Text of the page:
The End of the Road


Nestled in the crook of a peninsula, harboured from the North Sea like a babe lying in the safety of protective arms, is a little fishing town called Cromarty. The guardians against brutal waves and unforgiving winds that howl in from Northern lands are a pair of hills, The Sutors, from the top of which you can stand and look across to five counties with your naked eye. Inverness-shire, Moray, Nairn, Caithness and Sutherland stretch out in purples, golds and greens, so intense they seem to only last for moments before the colour seeps into another.

There is common acceptance by its dwellers that this town does not operate on GMT, as ‘Cromarty time’ is the replacement recognised by locals; ‘The other day’ can be last Tuesday or one day in August 1997. ‘Let’s meet at the pub this evening’ will have folk tumbling into The Royal any time between three in the afternoon and 11pm, just in time for last orders. This pace of life captures even the most frantic bodies – you leave Cromarty with a sense of quiet that in this roaring, racing life is hard to find.

That might give the false impression there is not an awful lot of chatter among the streets. Cromarty has its own fisherfolk dialect. The last fluent native speaker, Bobby Hogg, passed in 2012 so it is down to the loons to practice the native tongue. Walking home from the pub a wee bit moppach is usually where they are brave enough to practice the words of their forebearers.

Cromarty is not just a comfort to its inhabitants: the name familiar to those on far off shores from the shipping forecast, a constant that binds us together when so much divides. ‘Forties Cromarty Forth, 4 or 5, occasionally 6 later. Mainly fair. Good.’ A calm yet deliberate voice wishes the listeners a “peaceful night” in the wee hours when everything else feels fragile and the weight of the world’s worries are forbidding you to sleep.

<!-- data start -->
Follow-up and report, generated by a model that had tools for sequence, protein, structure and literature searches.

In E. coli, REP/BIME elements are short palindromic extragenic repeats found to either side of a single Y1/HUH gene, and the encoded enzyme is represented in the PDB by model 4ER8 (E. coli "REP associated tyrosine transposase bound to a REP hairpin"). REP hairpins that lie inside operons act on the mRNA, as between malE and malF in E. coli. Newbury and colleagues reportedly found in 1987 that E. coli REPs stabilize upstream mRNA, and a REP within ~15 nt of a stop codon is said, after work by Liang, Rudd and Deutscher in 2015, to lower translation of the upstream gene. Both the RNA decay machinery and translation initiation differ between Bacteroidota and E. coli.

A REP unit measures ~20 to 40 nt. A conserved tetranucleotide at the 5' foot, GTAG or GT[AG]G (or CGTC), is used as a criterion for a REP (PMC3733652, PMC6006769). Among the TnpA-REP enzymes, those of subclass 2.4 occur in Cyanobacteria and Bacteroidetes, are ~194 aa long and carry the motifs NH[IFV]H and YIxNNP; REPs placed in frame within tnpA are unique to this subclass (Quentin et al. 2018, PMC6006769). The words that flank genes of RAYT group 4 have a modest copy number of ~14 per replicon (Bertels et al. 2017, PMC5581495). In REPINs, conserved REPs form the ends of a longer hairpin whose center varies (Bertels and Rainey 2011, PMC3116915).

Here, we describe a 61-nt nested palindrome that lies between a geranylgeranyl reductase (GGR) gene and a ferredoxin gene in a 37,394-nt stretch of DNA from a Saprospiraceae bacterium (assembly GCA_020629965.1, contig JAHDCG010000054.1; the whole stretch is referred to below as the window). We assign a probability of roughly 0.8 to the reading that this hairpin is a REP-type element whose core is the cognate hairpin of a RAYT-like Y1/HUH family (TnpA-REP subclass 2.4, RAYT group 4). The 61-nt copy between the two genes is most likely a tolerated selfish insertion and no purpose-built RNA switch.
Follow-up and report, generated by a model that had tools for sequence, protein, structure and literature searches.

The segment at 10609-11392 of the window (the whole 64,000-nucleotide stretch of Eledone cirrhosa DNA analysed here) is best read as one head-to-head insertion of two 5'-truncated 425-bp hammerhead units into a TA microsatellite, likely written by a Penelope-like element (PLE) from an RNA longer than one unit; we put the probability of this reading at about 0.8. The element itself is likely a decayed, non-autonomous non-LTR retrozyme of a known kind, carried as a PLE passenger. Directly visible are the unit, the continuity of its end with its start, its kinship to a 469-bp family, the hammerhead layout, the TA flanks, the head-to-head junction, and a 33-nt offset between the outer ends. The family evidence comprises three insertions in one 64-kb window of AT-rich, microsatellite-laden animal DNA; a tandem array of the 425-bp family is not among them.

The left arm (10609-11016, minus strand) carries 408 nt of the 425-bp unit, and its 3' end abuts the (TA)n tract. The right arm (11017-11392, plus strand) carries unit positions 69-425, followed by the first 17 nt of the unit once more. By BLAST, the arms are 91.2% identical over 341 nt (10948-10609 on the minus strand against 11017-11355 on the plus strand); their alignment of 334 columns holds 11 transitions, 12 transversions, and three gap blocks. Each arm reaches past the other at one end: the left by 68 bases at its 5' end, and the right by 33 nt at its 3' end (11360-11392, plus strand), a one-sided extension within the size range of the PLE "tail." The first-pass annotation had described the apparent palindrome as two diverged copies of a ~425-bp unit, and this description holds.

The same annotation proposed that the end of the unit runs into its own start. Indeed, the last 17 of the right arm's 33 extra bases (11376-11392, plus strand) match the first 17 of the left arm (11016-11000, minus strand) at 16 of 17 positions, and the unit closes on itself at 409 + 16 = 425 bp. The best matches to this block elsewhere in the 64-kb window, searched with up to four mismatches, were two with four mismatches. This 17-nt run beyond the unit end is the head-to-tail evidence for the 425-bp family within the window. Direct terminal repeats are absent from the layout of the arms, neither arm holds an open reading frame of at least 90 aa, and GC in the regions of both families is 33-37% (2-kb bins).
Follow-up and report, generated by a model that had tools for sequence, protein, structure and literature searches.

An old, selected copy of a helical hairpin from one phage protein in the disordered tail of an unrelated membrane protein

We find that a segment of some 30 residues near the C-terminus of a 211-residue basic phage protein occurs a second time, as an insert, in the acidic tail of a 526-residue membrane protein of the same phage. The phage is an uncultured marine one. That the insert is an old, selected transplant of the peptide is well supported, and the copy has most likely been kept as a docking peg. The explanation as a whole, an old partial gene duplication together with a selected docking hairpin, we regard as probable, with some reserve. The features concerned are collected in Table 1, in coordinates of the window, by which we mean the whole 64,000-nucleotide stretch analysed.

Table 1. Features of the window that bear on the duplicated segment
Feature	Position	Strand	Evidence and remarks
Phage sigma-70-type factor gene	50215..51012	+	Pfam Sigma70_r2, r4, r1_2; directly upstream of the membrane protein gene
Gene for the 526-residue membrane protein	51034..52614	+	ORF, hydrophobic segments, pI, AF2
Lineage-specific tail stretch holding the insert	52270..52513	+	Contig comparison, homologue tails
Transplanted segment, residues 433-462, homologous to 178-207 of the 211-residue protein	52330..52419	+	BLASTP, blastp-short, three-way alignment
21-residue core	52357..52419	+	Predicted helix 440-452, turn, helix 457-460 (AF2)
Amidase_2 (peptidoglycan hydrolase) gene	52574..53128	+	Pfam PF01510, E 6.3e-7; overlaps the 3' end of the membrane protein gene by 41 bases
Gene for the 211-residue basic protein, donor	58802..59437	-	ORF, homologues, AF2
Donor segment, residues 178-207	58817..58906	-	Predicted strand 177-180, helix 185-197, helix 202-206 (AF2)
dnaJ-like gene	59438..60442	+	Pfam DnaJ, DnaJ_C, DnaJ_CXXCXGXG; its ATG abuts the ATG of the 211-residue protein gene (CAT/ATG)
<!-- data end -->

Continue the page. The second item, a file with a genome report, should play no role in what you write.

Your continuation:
What marks this town different from others is hard to say. Its own language? Its own time? But irrefutably, the cross-section of society you find there – and who will give you their time should you stumble upon it – is quite remarkable.

Take a stroll down Bank Street with your eye firmly on the horizon, the harbour is your destination and you can taste salty sea air as it laps at your face. You will pass The Cheese House, which makes use of the bygone police station – once collecting criminals, now Camembert and Caboc. Bounce over the road for a chinwag with Baker Dave, 40 years at the trade and never losing his knack. A packet of his Cromarty oatcakes will pair a treat with your authentic cheese. Now you are certainly on your way, ever closer to the ocean. But there is dear Cath and her dog, Maggie, with her ginger eyebrows and whiskers, you have got to give her a wee treat. Cath is pushing 80, but her daily constitutional is never dreamt of being skipped.

This is barely a glimpse into the lives of those who call Cromarty home, it is a town that pulls folk from every walk of life and once you have encountered it there is no going back. Cromarty weaves its way into your very core and no amount of city life could unravel it.

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